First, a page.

The Algona Upper Des Moines from Algona, Iowa on June 3, 1937 · Page 3
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The Algona Upper Des Moines from Algona, Iowa · Page 3

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Algona, Iowa
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Thursday, June 3, 1937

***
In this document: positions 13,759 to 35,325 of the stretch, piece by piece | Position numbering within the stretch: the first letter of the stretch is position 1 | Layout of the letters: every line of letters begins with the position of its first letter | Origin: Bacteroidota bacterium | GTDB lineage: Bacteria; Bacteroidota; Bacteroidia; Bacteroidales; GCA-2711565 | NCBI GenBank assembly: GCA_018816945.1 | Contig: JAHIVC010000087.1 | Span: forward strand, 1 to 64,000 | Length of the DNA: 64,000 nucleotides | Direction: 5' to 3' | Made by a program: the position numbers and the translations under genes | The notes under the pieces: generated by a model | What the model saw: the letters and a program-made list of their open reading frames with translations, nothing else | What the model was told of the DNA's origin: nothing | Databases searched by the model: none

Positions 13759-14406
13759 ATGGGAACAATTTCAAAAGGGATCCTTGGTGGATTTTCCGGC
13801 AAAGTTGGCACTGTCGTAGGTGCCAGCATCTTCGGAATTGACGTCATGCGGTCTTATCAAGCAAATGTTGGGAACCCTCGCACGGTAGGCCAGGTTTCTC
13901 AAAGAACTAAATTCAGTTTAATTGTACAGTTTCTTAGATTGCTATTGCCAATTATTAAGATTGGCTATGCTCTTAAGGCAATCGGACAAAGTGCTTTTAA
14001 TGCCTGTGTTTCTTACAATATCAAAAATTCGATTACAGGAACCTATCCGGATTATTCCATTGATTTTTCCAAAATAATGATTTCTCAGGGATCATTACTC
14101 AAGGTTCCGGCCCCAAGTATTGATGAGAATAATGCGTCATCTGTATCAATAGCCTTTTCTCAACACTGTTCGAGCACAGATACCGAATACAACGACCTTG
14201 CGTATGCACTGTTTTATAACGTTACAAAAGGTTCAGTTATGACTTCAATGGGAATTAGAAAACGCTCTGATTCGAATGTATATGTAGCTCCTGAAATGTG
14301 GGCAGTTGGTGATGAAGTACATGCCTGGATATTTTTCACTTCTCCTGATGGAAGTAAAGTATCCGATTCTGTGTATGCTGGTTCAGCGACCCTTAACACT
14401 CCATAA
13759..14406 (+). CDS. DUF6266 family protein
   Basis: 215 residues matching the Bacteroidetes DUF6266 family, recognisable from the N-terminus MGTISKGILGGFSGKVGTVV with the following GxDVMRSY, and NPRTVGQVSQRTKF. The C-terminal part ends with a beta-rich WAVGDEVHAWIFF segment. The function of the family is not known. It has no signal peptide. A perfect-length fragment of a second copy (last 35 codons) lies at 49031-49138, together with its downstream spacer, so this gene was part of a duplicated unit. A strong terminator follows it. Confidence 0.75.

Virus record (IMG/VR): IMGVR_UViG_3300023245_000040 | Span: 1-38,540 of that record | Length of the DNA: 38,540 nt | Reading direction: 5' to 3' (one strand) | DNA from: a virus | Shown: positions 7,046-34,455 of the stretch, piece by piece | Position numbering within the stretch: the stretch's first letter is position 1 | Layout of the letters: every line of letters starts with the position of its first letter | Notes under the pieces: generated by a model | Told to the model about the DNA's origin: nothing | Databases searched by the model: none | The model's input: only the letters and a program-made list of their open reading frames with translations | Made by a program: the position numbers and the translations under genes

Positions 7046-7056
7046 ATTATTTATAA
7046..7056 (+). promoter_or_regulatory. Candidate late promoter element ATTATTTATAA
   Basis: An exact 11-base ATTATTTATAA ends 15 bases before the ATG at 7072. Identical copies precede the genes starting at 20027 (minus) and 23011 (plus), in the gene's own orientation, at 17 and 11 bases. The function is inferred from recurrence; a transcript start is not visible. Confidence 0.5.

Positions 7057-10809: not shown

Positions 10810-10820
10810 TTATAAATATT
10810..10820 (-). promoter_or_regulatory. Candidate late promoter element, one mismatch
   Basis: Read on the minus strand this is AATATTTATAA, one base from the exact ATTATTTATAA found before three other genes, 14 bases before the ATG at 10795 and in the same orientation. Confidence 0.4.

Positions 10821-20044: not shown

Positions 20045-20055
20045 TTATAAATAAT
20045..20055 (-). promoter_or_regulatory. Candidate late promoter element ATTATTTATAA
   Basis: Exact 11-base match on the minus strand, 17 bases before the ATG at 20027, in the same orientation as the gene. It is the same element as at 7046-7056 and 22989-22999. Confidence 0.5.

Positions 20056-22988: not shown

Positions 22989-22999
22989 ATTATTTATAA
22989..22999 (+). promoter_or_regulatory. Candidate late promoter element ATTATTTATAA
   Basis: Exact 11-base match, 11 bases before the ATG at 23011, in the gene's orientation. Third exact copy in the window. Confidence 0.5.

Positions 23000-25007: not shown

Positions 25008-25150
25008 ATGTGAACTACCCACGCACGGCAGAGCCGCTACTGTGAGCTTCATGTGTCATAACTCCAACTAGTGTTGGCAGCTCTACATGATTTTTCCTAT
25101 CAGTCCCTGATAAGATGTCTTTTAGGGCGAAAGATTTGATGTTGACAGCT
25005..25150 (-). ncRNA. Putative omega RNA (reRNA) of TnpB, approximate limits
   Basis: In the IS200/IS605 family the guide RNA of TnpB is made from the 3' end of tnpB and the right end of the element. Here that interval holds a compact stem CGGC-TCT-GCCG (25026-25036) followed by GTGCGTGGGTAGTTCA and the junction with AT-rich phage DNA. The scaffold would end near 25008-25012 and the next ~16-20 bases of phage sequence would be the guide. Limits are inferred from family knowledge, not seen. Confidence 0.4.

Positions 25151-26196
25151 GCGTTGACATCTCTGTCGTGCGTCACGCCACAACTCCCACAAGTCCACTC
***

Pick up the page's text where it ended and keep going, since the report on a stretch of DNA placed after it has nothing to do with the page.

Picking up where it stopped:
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The Algona tTpper Des Moines, AJgona, towa, June 3, 1937 fllgona Beg Jtloints 9 North Dodge Street J. W. HAGGARD & R. B. WAITER, Publishers filtered as Second Class Matter at the Postoffice at Algona, Iowa, under act of Congress of March 3, 18T9 Issued Weekly Member Iowa Press Association SUBSCRIPTION BATES IN KOSSUTH CO.: One Tear, In Advance - $1-60 Upper Dea Molnes and Kossuth County Advance In combination, per year ..$2.50 SUBSCRIPTION RATES OUTSIDE KOSSUTH One Tear In advance _ - $2.50 Upper DM Moines and Kossuth County Advance In combination, per year $4.00 ADVERTISING RATES Display Advertising, per Inch S5c Want Ads, payable In advance, word - .2e I "Let the people know the truth and the country 1» •ate."—Abraham Lincoln. SO WHAT, MR. PRESIDENT John L. Lewis and the C. I. O. have been very successful In their Illegal raids on employers and employees alike. They bid fair to hold a whip hand over not only the men who own the businesses but those who work in them. Dictatorship in taking a new turn. With all trade Indexes showing better business, there seems to be a great deal of trouble In getting any concerted government drive to bring about any real economy or reduction of expenditures—In fact to even hold them steady without an advance may be difficult The relief situation gives warning that what was originally begun as a humanitarian measure to provide sustenance for millions during trying times, may become an accepted standard of the government. And not only Washington, but every state government sees in Its relief appropriation an excellent chance to obtain money with which to buy votes. The Supreme Court situation has almost cleared Itself up. The Court has become "liberal" In every one of its rulings since the White House called for a new setup on the bench, with one oldster already resigning. While not overlooking the fact that President Roosevelt has done a great many beneficial things to date, it does seem very evident that his biggest problems, unexpectedly, are going to be those of the next year or so. If he can control the nightmare of appropriations, bureaus, labor troubles, dams, dust bowls, and what not, he will be a miracle man, and a truly great president He still has a following that constitutes the majority of the nation. He is aided by the fact that party opposition in the G. O. P. ranks is still nil. But his great problem is to handle the situation from now on so that those who constitute the balance of power in party voting—and who have been with him to date—do not lose faith in the wisdom of his final term in office. The second presidential term Is always harder than the first, especially in attempts to retain public confidence. President Roosevelt can smash the good Impressions left from first term of office, by Inability or Indecision in facing the problems of kirseoond turn. W« hope hs Is as successful In his •fforts aTWashington as bs seems to be with deep •ea nshiasT. principle Is a part of the fine work of Fred White, chief highway engineer. To be sure there are places throughout the state where towns have been missed by paving in favor of traffic, but by and large few- towns have been Isolated to any great degree. Accordingly, it this principle is to prevail, then Ledyard by all means should get the paving, more especially since the interests of Lakota will not be harmed to any great degree. Ledyard citizens supported the original hard-surface program in this county. They always have been loyal to the interests of Kossuth. These are sufficient reasons why they should be favored in this Instance. * * * Kraschel's Economy (?) Anamosa Eureka: Governor Kraschel vetoed the state salary publication bill. The legislature felt that the taxpayers who really pay the bills should know what they are paying the people who work for them. They therefore passed a bill that requires the comptroller each year to publish these salaries. For some unknown reason the governor does not wish these salaries published. His reason given for the veto is that the salaries are a public record in the comptroller's office. In other words if you wish to know what certain salaries are you can make a trip to Des Molnes", go to the comptroller's office in the state house, sit m the outer office for an hour waiting to see him, and then probably be assigned to some clerk who will spend another hour looking it up for you. His second reason was that there was no appropriation to cover the cost We imagine it would not cost over $500 to get out a pamphlet of the salaries and we just wonder when this wave of economy struck the governor. We hope it sticks for the Lord knows it has been a scarce article In this administration, * • • Herring A "Ye» Man" Anamosa Eureka: That John L. Lewis has some hold on President Roosevelt is shown by appointment of John C. Lewis of Iowa, to the national bituminous coal commission. "Shady", as he is known in Itowa, was president of the Iowa Federation of Labor. He was also an Iowa coal miner as John L. was. To make this appointment without considering either of Iowa's Senators, is to say the least, quite unusual. That the president would Ignore Iowa's Senator Gillette for his stand on the president's pet hobby of Increasing the Supreme Court is along the lines of the president's reprisals on those who oppose him. But Iowa's Senator Herring has been a good boy as far as the court is concerned and to Ignore him shows definitely John L. Lewis has considerable power in Washington. Herring will of course get back of the appointment although John C. was one of the main ones that put the heat on Herring's appointment through the president of Keller as WPA administrator in Iowa. You will find Senator Herring of Iowa Just one more button for the president to push when he wishes something. * • » Not A Bad Definition! Exchange: A Minnesota county newspaper defines a communist as "one who raises hell when he hasn't a job and strikes when he gets one." * * * Old Judges Vote Liberal Eagle Grove Eagle: The New Deal legislation wins another notable victory in the supreme court. The Social Security laws have been upheld. The oldest judge votes with the liberal members and the youngest judge with the conservatives. The president's supreme court pack Idea has gone sour. There Is no necessity for six new judges from the standpoint of cost alone, the plan should be defeated. The salaries of the judges, their clerks, secretaries, stenographers and assistants would cost the taxpayers around $200,000 per year, $200,000 which the government does not have and would have to borrow. EMMETSBURG'S TEST CASE Transient peddlers and solicitors, and city governments in the state, will have a chance to find out whether or not a city law requiring peddlers to have a license is valid. At Emmetsburg, where the city government has taken a firm and decisive attitude about transient peddlers, the Real Silk hosiery firm Is appealing a recent fine Imposed on one of Its salesmen, on the grounds that such a law is interfering with interstate commerce laws. The Real Silk firm, manufacturing its products In a distant state, naturally has to ship its products in after being sold. Emmetsburg is not the only community interested; every city with similar laws will be following the matter closely. The mail order firms, with salesmen In the field, have a pretty good-sized war chest with which to fight such legal battles, and the going may be somewhat tough for Emmetsburg officials. But In passing, let UH say that we wish them well. The Real Silk firm is one of the most reputable concerns in the business. But an opinion in the firm's favor is very likely to let down the bars to all sorts of fake and fraudulent schemes, who because of a favorable decision for Real Silk, will see their way clear to make the most of their opportunity. Peddler's laws are the city's only way of protecting Its own merchants and business m«n. Algona had a sample of what uncontrolled transient salesmen can do 10 days ago, when a number of Algona homes were taken in by the photograph racket. ALCOHOL FBO&I CORN At the Chemical Foundation in Atchlson, Kansas, $400,000 was spent in building a plant to carry on research to find ways and means of transforming corn and wheat into alcohol for industrial purposes. After seven months of experiment, It was found that a bushel of corn will produce 2.4 gallons of alcohol, but that with the cost of corn what it is today (which is the price a farmer must have to make any money) producing alcohol from corn is prohibitive in cost. Chemists admit, however, that corn-alcohol mixed with gasoline, makes a superior motor fuel. Which brings to mind the recent plan to build a corn-alcohol plant in Algona. And by the way —what happened. We supposed of course that Mr. Dougherty would immediately get to work on the project after his acquittal on a charge of violating the state securities laws, in connection with plans to build a plant here. Paving On Hood 169 Swea City Herald: Poking you nose into your neighbors' scraps usually results in a bash on said proboscis. Nonetheless, our excuse for saying something about the current controversy between Lakota and Ledyard over the location of paving on road 169 arises from our interest in the Iowa road program dating back to 1910 when the campaign for hard roads in Kossuth county was put on. Tice Brack, Ledyard merchant and republican candidate for representative in the last election, points out in a letter to the Bancroft Register that when the original campaign was waged it promised that road 169 would be paved across the county. If our recollection Is correct, the hard roads boosters at that time prepared maps showing where the paving was to go. Tb* present course of 169 thnnur*' Ledyard was shown at that Urns. ICoreovsr, U is our understanding borne out by an (n outline y»ars that th* highway com- hmm inmla&a& mm itttaMsts of OTfistllfffl F com- •4MP* «MW*WW^ **^* ^•^••WB.WW TW ' W • — • - - re-routing One of the Joys of the contractor on the P. O. Job must have been the discovery that some slight errors had been made in the specifications, not great, but still enough to cause solid cement on the basement floor to be hacked out and replanted after a different size cable or conduit or something was Installed. Now that D. Wane Collins Is going Into the insurance business, we can expect the old maestro to carry around a magic flute in his pocket . . . play a tune and then sign on the dotted line. L. E. Llnnan related a story recently, about attending his last year the State U. of Iowa. He sent his trunks on ahead, and wore his old suit (as we recall it, he had two) putting all of his worldly belongings In the trunk, from toothbrush on up. Somewhere along the line, the trunk was stolen, and Luke arrived at school minus a change of clothing, Inside and outside. And that, Luke pointed out, is the Joy of belonging to a fraternity. He said every morning he lined up his fraternity brothers, and told them what their clothing contribution for the day would be to the Linnan cause. Twenty years ago last Friday, Dud McDonald sailed* for France, with General Pershlng. A year or so later he was spending his time behind the enemy lines, a prison camp inmate, after being shot down while piloting a bomber. Friday he celebrated the occasion with a peaceful little game of golf, not even losing his temper once. Bight about now Is when the air-conditioning boys are beginning to say: "I told you so." Speaking of golf, the boys from Bode enjoy themselves on the Algona course, and so does a Lone Rock crew . . . plenty of room—where is Wesley and Whlttemore and Hurt and Bancroft, etc. * * * We're giving Bob Post a post graduate business training ... he worked two days last week collecting subscription accounts. * * • Johnny fhlenhuke, over ut Whittemore, subscribing to the paper, says he looks forward to the Last Line. Now our jealousy of The Man About Town popularity is somewhat appeased. * • » PEEWEE OF THE WEEK—The bird who stops across the street and copies down the items painted on his competitors' windows and the prices with them, then cuts his own similar stuff a penny or so. * * * That btory iu the paper last week about the West Bend man who bought a new car after driving a model T all his life, and took out the back end of his garage, brings (o light several local stories of a similar nature. An old-timer tells us that in the days of early automobiles, John Lamuth got into one of the ding-busted things and drove to Whittemore and back in low gear. * * * The Night Club season must be on In full swing—in one day's mail, cards from Clear Lake Country Club, the Surf, Royal 100, and Gay Paree. But no complimentary tickets, so guess we'll stay home. * * * Famous Last Lino—Don't worry ahout the diflereooo In oitf ages, dearie—a man to no oUer than be loete. * * • All Join hands and circle to the right. * * * Goody, goaty, a {tonic. The MARCH OF TIME ISO. O. 8. FAT. OTT. Prepared by the Editors of TIME T/ie Weekly Newsmagazine BILBAO'S CHILDREN— SOUTHAMPTON, England: Completing one of the greatest mass evacuations of children in history, 4,000 Basque refugee youngsters carrying their Sunday clothes in little bundles debarked last week from the Spanish steamer "Habana" at Southampton, staged a healthy, yowling child-riot when forcibly washed and given haircuts. Encamped in a tent city next day, away from the horror of war, the children suddenly screamed In terror and scampered for shelter when a squadron of British planes on practice flight whirred overhead; would not be quieted until a Basque priest had said Mass and a Basque chef had stewed up steaming caldrons of "bacaloa Bilbanio" (creamed codfish), their national dish. Meanwhile in Valencia, stocky, 48-year old Premier Dr. Juan Negrin's tight, unified little cabinet of nine—the 6th Leftist Cabinet since the civil war's outbreak—took office to remove from the government the curse of radicalism. No more and no less Red than that of French Premier Leon Blum. Premier Negrin's Cabinet heartened most Spanish Leftists who seem to want democracy more than communism, settled down to the business of winning world favor and Spain's civil war. •MID SNOW AND ICE- GRENOBLE, France: Noted for great strength, docility, Intelligence and an expression of almost Idiotic benignity ar* th* 900-lb. dogs of St. Bernard, traditionally trained by the monks of that hospice to succor and save benighted travelers in the 8,llJt-foot pass under Mt. Blanc's cold shoulder near the Franco-Swiss frontier. But one morning last week, the St. Bernard record for canine Christianity was unaccountably shattered. Setting forth from Grenoble on a skiing trip across the Swiss border, Dr. Jean Bremond and his three daughters slid up and up along the Great St. Bernard pass, cru-u-unch- ed their skis in the granular Alpine snow aa they came In sight of the home of the pious monks of St Bernard. A deep-voiced barking broke out aa the famed monastery dogs came leaping to greet the travelers, and 10-year-old Marie- Anne, laughing excitedly, hurried ahead. As the dogs closed In on her, Marlev-Anne shrieked. With their black gowns hiked up, the monks came stumbling and shout- Ing from their quarters, hauled and called off the dogs, found Marie- Anne limp and bleeding in the snow, with deep gashes in her face and body. Inside the hospice, she shortly died. Greatly grieved and unable to Identify the killer, the monks of St Bernard locked up the entire pack as punishment", gave as the only possible explanation of the tragedy their belief that the guilty dog must have "suddenly gone mad.' Sorrowed the Father Superior: "We are in deep mourning here, not only for this unfortunate girl, but for the honor of our dogs that has been unblemished for centuries." RECOVERY— EVANSVILLE, Indiana: Suspecting that her dog Jerry had eaten up two $5 bills, Mrs. John Benham of Evansville fed him liberal amounts of castor oil, retrieved the bills in fragments, patched them to gether, forwarded them to the U S. Treasury at Washington for re demption. DIAMOND- SEATTLE, Washington: When Mrs. William Morgan of Seattl had a $100 diamond pecked fron her ring while she was feeding her poultry, the Morgan family cooked and carefully chewed a chicken a day for 18 days, finally found th diamond in a roster's gizzard. GYPSUM QUEEN- MANCHESTER, New Hamp shire I Fifteen years after hi schooner "Gypsum Queen" sank of the Irish coast during a storm ii 1913, Owner-Captain Freeman Hat field of Nuvia Scotia declared tha she had been torpedoed by a Ger man submarine, claimed and go from the Canadian government t $71,276.72 indemnity, abandoned th sea for a small chicken farm in Candia, N. H. Later, when the Canadian gov eminent discovered that the "Gyp sum Queen" was not torpedoed but had foundered in heavy seas, police arrested Captain Hatfleld, locked him up in a Manchester jail where for two years he has fought extradition to Canada to face charges of larceny and obtaining money under false pretenses. In Federal district court be pleaded that he was being held without justification, lost the case. Early this year he won a partial victory when the U. S. Circuit Court of Appeals found the lower court un- ustlfled in holding him for larceny iut justified in holding him for ex- radition on the charge of obtain- ng money under false pretenses Then he appealed to the Supreme Court without success, and the U S. State Department issued an extradition order. Reluctantly enter- ng the custody of the Royal Canadian Mounted Police, Captain Treeman last week set off for Ot- twa to await trial, declared that he hoped "for an early return to my snug harbor at Candia." "FIRST BLOOD"— LOS ANGELES: Before 500 boys and girls aahlver with excitement, and the approving faculty of Los Angeles Junior College, curly-headed Student Robert Couslneau and wiry Student Harold Bauer, each stripped to the waist and armed with a sword, prepared last week 'or a momentous duel. When they Inlshed posing for cameramen, Students Couslneau and Bauer put on fencing masks, but left the tips of their weapons exposed. Then Captafn Fred Schwanstaovsky of :he college fencing team stepped up to referee, grimly explained that they would use not fencing foils but regulation French epees. Lunging, slashing, parrying, feinting, with danger flashing at the needle points of their weapons the two boys fought. Suddenly Student Couslneau made a long, savage thrust and from Student Bauer's arm spurted a red Jet of real Mood. Touch*!" cried th* referee, and the duel was over. Moving spirit of this extraordinary performance, which was claimed to have drawn "the first blood ever Intentionally shed by U. S. college fencers" was Los Ang- eles Junior's lively Fencing Coach John Tatum. who exulted: "We have been trying to arrnnge rm affair like this for three years to popularize fencing." Nothing was nt stake except Student Bauer's desire for the No. 2 rating on the fencing team, which Student Cousineau enjoyed by virtue of his showing in the Pacific coast fencing tournament last month. Nursing a three-inch cut. Fencer Bnu- er had to content himself with the No. 3 rnting. At Coach Tatum's implication that fencing is not a sufficently exciting sport without bloodshed, other college fencing instructors were quick to protest. Snapped Yale's veteran Robert Grasson: "Very foolish." Echoed Harvard's Rene Percy: "Foolish and unsafe." More impassive was George Santelli, saber coach of the 1936 U. S. Olympic team. Shrugged he: "To approve . . . would be to approve the possibility that someone might be killed, so I do not approve." WHOOSH!— NEW YORK: A devotee of the New York "American's" 'cnrtoton strip "Radio Patrol'f, filling station Attendant Harry Millstlne of Queens Borough was professionally Interested one day last week in a "Radio Patrol" sequence which depicted a gasoline vendor foiling a bandit by drenching him with a fuel hose. Few hours later, a holdup man entered Harry Mlllstine's station, emptied the cash drawer, ordered Millstlne to wait on a customer who happened to drive up, hovered over him while he obeyed. The pump began to click and the measuring bell had pinged once when Millstlne suddenly wheeled around. "Woosh!" went the acrid stream of gasoline, in good funny- paper style, squarely between the bandit's eyes. When he got them clear again, he was In jail. PUSH- MEMPHIS, Tennessee: Golfer Harvey Thompson of Memphis solemnly related that after his putt had stopped on the cup's lip, his ball tumbled In when a big fly landed on It. Livermore Boy Will Marry Soon Livermore: Mrs. Nellie Devlne and daughters, Margaret. Elizabeth and Bernadine returned the first of the week from Sioux City where they were in attendance at an announcement party at the home of Mr. nnd Mrs. O. B. Kaup at 23 LaSalle Avenue. Sunday, nt which time the announcement and approaching marriage of their daughter. Miss Lucille and Frank M. Devine, son of Mrs. Nellie Devine of Livermore. was made. The date for the wedding has been set for June 12. More than a hundred guests were in attendance at the tea from three to six Sunday at the Kaup home. The bride-to-be has visited in Livermore and has very charming qualities. She is a graduate of Central high school of Sioux City, and an affiliated member of the Philo- mathian society. Frank is better known here and graduated from the Livermore high school and also from the University of Iowa where he was a Delta Sigma Pi member. ATTORNEYS AT LAW R. J. Harrington J. P. Lowe HARRINGTON ft LOWE Rooms 212-14 First Nat'I Bk. Bldg. ALGONA, IOWA Miss Josephine Brunnlng spent Sunday at St. Benedict with her home folks. HIDES WOOL Top Market Prices Paid for Hides and Wool Joe Greenberg ONE BAG OF THE Old Reliable Acme Saves -15- Bushels of Corn A BALANCED RATION of CORN and ACME costa produces more pork than any other ration. $1.00 WORTH OF ACME plus the sows' milk will feed your fall pigs until -3- months of age, wean your pigs with the sow, PREVENT the RUNTS. ACME fed pigs weigh 60 to 85 Ibs. when 90 days old. Wgona Flour & Feed Co. Phone 257 Algona, Iowa 20-24 HIRE'S AN OIL COMPANY YOU HOW TO (/$£ Thi* book is ready lot you now — /r»e— •t mil Standard Oil Deal- art. Out your copy bafora the tupply is aihau»tad. THIS NEW BOOK GIVES STARTLING MONEY-SAVING FACTS REVEALED IN WORLDS GREATEST ROAD TEST *T»HIS book is built of facts vital to know, •*• and essential to use, if you want to enjoy the economy of more-miles-per-gallon. And if a complete— everything you need to know to really SAVE AS YOU DRIVE, U in it! It's unusual. It's the only book of its kind ever published. It reveals facts tested and proved by thousands of motorists in Standard Oil's great Road Test last summer. It quotes them. It makes it interesting and easy for you THE STANDARD OIL mim •F^^^^WPHPIWP ITS FKH/ to apply the same methods they used to scora savings as high as 1 gallon in every 101 Commanding the finest technical knowledge, and armed with proof from millions of miles of public test car driving, the Standard Oil Company is doing everything in its power to help you help yout toll to more mile* par gallon this summer. ,1. L. BONAR ATTORNEY AT LAW Collections will receive prompt attention ALGONA, IOXVA W. B. QfARTOX H. W. MILLEB ATTORNEYS AT LAW Office over Co. Savinjrs Bk. Bldg. Office Phone 427 ALGONA. IOWA A. HUTCHISON DONALD C. Ht"TCHISON THEODORE C. HUTCHISON ATTORNEYS AT LAW Security State Bk. Bldg. Phone 251 E. J. Van Ness G. W. Stlllman VAN NESS A STTLLiMAN ATTORNEYS AT LAW Offices in new Hclse Building Phone 213 Algona, Iowa Gaylord D. Shumway Edw. D. Kelly SHUMWAY * KELLY ATTORNEYS AT LAW Su|p|]ng ^qmnf) -OAO a.iijjo ATTORNEY AT LAW (County Attorney) Office in Qulnby Bldg. Phone IBS ALGONA, IOWA HIRAM B. WHITE Phone 444-810 ATTORNEY AT LAW Office over Iowa State Bank Phone 206 P. A. DANSON ATTORNEY AT LAW Office over Iowa State Bank Bldg. Office Phone 460-J Res. JIB ALGONA, IOWA J. W. Sullivan (dec'd) S. E. McMahoa L. E. Llnnan SULLIVAN, M'MAHON ft LtNNAN Algona, Iowa Phone 68 73THNIM "V 1 ATTORNEYS AT LAW Office over Kossuth Mut Ins. Bldg* ALGONA, IOWA CARROL A. WANDER ATTORNEY AT LAW Over Postoffice Phone PHYSICIANS A SURGEONS J. N. KENEFICK PHYSICIAN & SURGEON Office formerly occupied by Dr. A. L. Rlst over Rexall Drug Store Office Phone 300 Res. Phone 898 ALGONA, IOWA C. H. CRETZMEYER, M. D. SURGEON & PHYSICIAN Office John Galbralth Bldg. MELVIN O. BOURNE PHYSICIAN & SURGEON Office over Post Office Bldg. Phones—Office 197 Res. 1 OSTEOPATHS DR. 8. W. METER Osteopathlc Physician General Practice Special attention given to non- surgical treatment of rectal diseases, varicose veins and rupture. General Hospital Phone 1ST DENTISTS DR. H. M. OLSON DENTIST Located over Christensen store Phone, Business 166, Residence 788 ALGONA, IOWA DR. L. C. NUGENT DENTIST Second floor Sawyer Bldg. Phone 313 Algona, low* DR. C. D. SCHAAP DENTIST Qulnby Bldg. Phone 138 Res. Phone 174 Algona, Iowa, GEO. D. WALRATH, D. D. & GENERAL DENTISTRY Office in Postofflce Block Phone 20 Algona, low* KARL R. HOFFMAN DENTIST Office in New Heise Bldg. Phone 44 Res. Phone 118 REAL ESTATE MURTAGH 4 SON REAL ESTATE FARM LOANS INSURANCE BONDS Quinby Bldg. Phone 108 VETERINARIANS FOX Si WINKEL Dr. L. W. For Dr. J. 3. Wlnksl Office 220 West State Street Office Phone 475-W Res. 475-R ALGONA. IOWA Gjusomrs Typewriter Paper We have just received a large ahipment of ream packages (500 sheets) which sell for 60c for 500 sheets This is a good grade bond paper and will make an excellent school paper. The Algona Upper Des Moines Inquire at the Algoiia Upper Des Moiiiea office for purthiclars